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Want to set your children up for success? Then look no further than the habits of successful people you know, whether that be in the corporate world, media, or within your own circle of friends. Experts agree that there are certain common traits all successful people possess. This is great news because it means we can emulate those leaders that have come before us. 

How can you tell if someone will be successful? When I was in high school, they still had a category for a graduating senior titled: Voted Most Likely to Succeed. How, at 18-years-old, could classmates look at someone and say, “Yeah, I think they will be the most successful person in our graduating class.”

Many of us grew up learning multitasking was a hallmark of a productive person. While sounding good in theory, this practice has proven to be incorrect. Studies now reveal that multitasking is nothing more than switching back and forth between tasks and it lowers our productivity. Below are 5 points that deal with the facts behind project hopping and the lack of performance that occurs when we allow seemingly innocuous interruptions to occur in daily life.

The way my husband structures his day is different from how I organize mine, but there is one thing we both do. We start with a morning routine. I make coffee, read the news while eating my breakfast, and then dive into an hour of bible study. Once I finish, I pull out my journal and plan my day. About 2 years ago I discovered an organizational method that resonated with me.

Remember as children, during holidays, we would spend what seemed like hours creating homemade craft projects for our parents? It might be a paper Christmas snowflake sprinkled with glitter or a cutout heart for Valentine’s Day. We would address it: To: Mom or To: Dad. We would sign our name, and this become the gift we gave our parents. The act of giving is how we should view all letters, especially a thank you note. We may not be cutting out cute hearts, but when we take time to put pen to paper and share a little of ourselves with someone else, we are giving a part of our heart to another.  

People give to make you feel loved and remembered. Sometimes gifts are given out of obligation, but mostly they are presented to honor a special relationship or occasion. No matter the reason, we need to know how to show our appreciation. Here are my 7 tips to become a gracious gift receiver.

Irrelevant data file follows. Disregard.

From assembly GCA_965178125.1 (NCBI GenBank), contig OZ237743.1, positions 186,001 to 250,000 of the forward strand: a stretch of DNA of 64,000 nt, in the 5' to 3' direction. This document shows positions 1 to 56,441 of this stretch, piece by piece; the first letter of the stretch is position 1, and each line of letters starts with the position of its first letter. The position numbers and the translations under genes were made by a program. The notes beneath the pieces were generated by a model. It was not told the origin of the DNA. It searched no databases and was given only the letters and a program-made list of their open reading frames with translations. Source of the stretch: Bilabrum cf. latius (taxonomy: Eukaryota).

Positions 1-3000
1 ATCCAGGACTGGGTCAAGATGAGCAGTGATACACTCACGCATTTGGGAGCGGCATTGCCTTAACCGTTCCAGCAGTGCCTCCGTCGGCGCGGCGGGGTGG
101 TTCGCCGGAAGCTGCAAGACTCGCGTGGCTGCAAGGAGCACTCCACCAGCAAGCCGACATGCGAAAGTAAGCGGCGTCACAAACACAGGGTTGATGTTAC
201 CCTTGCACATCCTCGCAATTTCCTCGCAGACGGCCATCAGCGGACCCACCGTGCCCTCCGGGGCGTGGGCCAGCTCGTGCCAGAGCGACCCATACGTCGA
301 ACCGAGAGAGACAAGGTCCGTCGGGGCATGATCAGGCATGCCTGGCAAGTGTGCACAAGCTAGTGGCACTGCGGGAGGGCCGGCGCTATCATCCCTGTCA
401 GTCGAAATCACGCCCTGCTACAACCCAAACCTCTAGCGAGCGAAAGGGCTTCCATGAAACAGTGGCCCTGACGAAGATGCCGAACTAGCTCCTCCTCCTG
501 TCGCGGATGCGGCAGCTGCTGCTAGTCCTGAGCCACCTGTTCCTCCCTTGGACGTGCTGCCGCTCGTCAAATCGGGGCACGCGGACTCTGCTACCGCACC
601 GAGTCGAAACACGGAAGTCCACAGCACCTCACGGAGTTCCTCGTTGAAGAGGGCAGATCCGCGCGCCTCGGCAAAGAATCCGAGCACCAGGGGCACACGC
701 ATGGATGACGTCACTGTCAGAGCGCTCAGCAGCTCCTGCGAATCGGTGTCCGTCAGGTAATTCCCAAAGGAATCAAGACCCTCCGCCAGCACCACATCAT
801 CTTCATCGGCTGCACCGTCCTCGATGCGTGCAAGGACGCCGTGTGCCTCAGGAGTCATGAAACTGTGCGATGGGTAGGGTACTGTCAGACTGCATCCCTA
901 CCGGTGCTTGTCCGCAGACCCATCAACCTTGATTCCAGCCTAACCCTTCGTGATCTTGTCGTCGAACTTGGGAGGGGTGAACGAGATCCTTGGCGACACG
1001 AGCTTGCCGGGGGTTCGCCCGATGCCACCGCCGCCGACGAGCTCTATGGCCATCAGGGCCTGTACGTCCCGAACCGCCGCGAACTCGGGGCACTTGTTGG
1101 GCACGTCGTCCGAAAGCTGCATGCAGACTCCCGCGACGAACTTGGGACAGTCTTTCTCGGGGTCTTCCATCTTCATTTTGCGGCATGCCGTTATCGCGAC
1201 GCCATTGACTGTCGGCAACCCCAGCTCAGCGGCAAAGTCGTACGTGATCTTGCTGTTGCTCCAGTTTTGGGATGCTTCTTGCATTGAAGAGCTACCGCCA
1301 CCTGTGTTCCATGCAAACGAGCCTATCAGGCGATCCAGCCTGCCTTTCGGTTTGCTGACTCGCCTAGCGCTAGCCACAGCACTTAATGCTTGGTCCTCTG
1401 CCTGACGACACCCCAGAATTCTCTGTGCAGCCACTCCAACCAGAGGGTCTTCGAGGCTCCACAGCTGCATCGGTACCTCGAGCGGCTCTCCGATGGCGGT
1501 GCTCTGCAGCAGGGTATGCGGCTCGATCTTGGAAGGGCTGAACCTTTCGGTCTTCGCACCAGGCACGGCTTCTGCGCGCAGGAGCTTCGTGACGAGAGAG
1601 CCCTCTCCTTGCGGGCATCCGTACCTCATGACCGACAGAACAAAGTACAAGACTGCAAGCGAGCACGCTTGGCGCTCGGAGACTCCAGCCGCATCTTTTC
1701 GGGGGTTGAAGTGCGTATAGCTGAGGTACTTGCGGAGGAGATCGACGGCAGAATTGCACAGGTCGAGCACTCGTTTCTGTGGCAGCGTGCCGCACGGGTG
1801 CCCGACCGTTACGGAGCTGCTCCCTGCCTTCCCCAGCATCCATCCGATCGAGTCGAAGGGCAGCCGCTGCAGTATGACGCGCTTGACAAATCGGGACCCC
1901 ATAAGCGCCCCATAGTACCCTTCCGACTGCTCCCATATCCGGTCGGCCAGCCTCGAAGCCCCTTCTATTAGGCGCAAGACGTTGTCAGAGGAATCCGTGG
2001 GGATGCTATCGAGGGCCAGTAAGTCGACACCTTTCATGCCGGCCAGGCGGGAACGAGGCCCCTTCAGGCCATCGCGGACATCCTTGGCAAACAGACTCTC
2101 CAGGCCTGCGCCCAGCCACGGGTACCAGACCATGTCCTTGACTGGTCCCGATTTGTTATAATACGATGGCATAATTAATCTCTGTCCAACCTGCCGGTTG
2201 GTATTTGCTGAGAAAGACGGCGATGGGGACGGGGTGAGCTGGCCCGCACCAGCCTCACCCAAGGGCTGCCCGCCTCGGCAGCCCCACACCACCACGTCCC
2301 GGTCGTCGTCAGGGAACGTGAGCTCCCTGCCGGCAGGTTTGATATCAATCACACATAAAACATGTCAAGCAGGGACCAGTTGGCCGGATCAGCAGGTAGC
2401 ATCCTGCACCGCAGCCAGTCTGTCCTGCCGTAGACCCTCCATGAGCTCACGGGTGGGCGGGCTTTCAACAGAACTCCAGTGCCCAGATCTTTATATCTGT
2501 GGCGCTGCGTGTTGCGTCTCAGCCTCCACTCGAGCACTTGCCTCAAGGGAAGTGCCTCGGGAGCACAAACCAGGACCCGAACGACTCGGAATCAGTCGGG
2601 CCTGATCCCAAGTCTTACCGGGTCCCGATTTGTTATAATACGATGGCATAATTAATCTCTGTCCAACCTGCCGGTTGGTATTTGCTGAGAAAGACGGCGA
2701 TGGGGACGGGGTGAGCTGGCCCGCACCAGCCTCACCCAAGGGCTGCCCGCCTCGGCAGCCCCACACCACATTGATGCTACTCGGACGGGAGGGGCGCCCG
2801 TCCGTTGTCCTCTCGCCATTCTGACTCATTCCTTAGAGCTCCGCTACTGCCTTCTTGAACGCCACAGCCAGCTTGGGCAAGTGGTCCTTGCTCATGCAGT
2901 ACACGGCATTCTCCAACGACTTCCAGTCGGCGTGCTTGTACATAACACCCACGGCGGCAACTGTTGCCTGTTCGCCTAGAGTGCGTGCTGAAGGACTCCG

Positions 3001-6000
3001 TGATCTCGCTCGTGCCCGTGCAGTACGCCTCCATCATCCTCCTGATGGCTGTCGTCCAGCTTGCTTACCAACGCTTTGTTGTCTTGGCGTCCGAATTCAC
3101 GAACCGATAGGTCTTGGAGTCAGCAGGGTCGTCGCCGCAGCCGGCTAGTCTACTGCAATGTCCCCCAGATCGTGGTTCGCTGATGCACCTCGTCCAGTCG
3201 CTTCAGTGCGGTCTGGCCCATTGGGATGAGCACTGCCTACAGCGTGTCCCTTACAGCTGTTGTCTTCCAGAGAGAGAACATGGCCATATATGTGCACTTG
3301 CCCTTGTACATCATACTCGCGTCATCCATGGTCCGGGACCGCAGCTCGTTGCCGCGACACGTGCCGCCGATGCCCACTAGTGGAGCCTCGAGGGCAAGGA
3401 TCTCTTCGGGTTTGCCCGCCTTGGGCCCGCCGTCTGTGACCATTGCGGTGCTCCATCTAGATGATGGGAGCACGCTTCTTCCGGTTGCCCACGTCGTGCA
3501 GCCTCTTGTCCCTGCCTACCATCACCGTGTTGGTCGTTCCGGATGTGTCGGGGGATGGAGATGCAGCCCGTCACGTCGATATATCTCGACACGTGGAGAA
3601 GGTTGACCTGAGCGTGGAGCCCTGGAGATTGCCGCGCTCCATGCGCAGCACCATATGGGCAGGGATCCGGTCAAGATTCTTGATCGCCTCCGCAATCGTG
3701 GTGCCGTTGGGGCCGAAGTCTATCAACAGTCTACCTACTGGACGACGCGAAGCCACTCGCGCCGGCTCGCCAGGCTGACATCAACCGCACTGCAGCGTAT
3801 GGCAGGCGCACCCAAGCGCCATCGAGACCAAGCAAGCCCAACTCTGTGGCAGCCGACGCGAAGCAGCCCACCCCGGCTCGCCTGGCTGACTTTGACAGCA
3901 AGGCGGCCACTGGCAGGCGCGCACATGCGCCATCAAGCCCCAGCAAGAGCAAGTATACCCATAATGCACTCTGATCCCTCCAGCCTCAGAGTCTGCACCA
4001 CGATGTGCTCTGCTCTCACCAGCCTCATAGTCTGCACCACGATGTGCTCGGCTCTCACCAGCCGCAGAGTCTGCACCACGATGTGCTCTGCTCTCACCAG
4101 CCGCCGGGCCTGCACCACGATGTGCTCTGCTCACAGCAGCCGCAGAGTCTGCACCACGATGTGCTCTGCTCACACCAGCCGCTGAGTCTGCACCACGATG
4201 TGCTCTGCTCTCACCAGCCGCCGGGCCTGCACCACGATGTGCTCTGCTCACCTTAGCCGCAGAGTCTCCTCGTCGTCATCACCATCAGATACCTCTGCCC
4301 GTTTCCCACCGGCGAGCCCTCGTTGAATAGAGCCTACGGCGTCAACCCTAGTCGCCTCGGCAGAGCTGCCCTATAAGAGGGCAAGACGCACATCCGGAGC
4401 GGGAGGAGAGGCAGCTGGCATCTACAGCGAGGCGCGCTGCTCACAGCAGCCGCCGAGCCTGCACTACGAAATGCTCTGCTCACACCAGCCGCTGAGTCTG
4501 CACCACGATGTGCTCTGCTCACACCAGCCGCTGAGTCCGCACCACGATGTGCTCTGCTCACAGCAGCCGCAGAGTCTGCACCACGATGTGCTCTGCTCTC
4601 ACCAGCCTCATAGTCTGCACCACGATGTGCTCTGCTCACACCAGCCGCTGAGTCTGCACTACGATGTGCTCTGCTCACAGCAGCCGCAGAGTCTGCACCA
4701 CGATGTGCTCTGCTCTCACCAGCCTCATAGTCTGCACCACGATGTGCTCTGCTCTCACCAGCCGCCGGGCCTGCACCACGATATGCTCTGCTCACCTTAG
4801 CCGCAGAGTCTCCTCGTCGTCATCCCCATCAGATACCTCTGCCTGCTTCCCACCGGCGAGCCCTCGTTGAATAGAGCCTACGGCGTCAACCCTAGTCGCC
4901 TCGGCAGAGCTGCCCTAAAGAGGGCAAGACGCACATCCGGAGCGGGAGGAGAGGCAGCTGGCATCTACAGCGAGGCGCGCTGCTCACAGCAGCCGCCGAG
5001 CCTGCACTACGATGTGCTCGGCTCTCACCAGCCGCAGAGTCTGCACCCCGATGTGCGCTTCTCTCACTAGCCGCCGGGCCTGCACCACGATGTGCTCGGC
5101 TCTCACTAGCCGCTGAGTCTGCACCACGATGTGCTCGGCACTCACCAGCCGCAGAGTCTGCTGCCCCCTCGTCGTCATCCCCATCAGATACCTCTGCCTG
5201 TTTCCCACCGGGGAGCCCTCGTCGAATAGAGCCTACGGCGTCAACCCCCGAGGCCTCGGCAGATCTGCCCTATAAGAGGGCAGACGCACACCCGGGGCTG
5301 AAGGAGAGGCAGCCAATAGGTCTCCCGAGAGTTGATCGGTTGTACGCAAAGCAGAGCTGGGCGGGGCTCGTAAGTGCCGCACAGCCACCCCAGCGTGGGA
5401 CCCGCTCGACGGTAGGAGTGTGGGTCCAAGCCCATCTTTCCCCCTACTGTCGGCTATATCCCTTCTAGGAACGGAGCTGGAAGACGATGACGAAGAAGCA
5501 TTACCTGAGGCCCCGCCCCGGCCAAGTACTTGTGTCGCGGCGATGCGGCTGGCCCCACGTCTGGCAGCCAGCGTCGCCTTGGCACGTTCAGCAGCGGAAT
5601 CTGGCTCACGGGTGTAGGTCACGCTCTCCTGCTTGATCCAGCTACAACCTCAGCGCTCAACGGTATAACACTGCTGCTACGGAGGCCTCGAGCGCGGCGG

Table manners seem to be the area in which I receive most of my questions, but it is introductions that have people the most baffled. After I explain the correct way to conduct an introduction, I often get that starry-eyed stare that tells me, “I really don’t understand what you just said.” To help all of us, I have broken down the process into a simple format. Before I proceed, let me say this. Do not let a lack of confidence in handling an introduction keep you from DOING an introduction.

I recently bumped into a friend at the store, and as we began talking, she expressed how she struggles with the holidays. When January rolls around, she feels like she somehow “missed out.” I understand this feeling because I, too, have often felt this way. Life was so busy with the preparation of celebration, that I missed the joy that awaited each of us this time of year.

Have you ever seen someone walk into a party that looked scared to death, unsure of themselves, and then watched them slink off to an obscure corner? Their body language screaming, “I wish I was anywhere but here!” Entering a room full of people that you do not know can be intimidating. I get that. Yet, your entrance is important in displaying overall confidence and portraying a strong image.

Giving a party, of any type, requires a great deal of work. If you have been fortunate enough to be included in a festive soiree, it is nice to arrive with a gift for the hostess. The typical present will cost between $15-$30, but there are less expensive things you can find at the local discount store.

When attending a party, there are certain expectations we have of our hostess. We will enjoy and appreciate everything she has done, but we do assume there will be food and drinks. We would also like a clean bathroom and a home that does not smell like the local pet store. What some people forget is there are also expectations of the guest.